Monkey business

Within the
film or show business in general, actors are often considered a different
breed. They look like normal people but behave differently. Many of them seem
to fast-forward their lives, being greedy to consume marriages and ideologies.
They experiment with social masochism, seeming not to care about other people’s
reactions. The wild, eccentric and unpredictable actors. Drunk, filled with
lust, spontaneously jumping into anything that might provide a new dose of
emotions.

The
stereotype is unjustified, of course. I have friends who act. There is a vast
amount of actors I have worked with – good hard-working and reliable people.
There are intelligent actors. There are actors who live in balance with
themselves and people around them.

But still,
there is something in the profession. I think performing publicly strongly satisfies
one of the most basic human desires, the need to be seen and recognized. Many
actors consider themselves shy, and their choice of forces them towards the
greatest fear: fear of exposure.

The need
for exposure and feeling sick about too much attention is sometimes almost
bulimic.

Pamela
Tola, a very bright and talented young actress and photographer made a book
about acting (Miksi näyttelen – Why do I
act?
). The book contains interviews with other actors and short comments on
the subject. It becomes obvious to the reader that especially for those new in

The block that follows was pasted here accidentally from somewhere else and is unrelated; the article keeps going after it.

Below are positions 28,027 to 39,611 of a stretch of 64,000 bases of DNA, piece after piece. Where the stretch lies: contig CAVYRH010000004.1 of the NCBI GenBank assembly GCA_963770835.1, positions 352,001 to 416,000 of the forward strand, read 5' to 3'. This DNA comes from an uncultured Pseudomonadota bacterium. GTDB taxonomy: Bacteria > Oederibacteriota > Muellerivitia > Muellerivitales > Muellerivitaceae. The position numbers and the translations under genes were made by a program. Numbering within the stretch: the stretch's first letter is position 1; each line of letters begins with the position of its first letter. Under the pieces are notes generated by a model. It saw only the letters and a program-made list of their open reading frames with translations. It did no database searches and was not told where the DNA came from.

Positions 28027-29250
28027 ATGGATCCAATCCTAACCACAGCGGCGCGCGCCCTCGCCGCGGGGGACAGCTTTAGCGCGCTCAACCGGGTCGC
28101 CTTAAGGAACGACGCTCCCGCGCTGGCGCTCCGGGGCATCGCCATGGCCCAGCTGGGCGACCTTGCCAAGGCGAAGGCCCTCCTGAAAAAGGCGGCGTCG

the profession, life can become really hard. Tearing themselves open publicly,
with the possibility of cruel criticism, can be sometimes too much for a fragile
soul. And we are all fragile souls.

An actor is
a professional who uses himself or herself as a tool – all the fears, hopes and
memories are material to work with. Building a fictitious character is not
(only) about pretending to be someone, one has to actually become someone else. Imagine becoming a serial killer, a victim of
gang rape or Adolf Hitler – starting to see the world through their eyes and
living their lives. It can be psychologically consuming.

This is
obviously true of any storyteller, even a writer, but nobody is as directly and
as completely in the game as an actor. A writer can write happy ends to all of
his life traumas (or kill the ones he loves most), but an actor follows the
lines drawn by the writer like faith itself – ending up in death or misery, or
glory, without being able to influence the course of events. (This is a cliché
but aren’t we all actors on the stage of life?)

Acting is a
challenging profession. I used to think that they were pussies, whining for
nothing and using cheap show tricks to get attention for themselves. Not
anymore. With great admiration I follow those who have the calling and talent
to change themselves – and come back.

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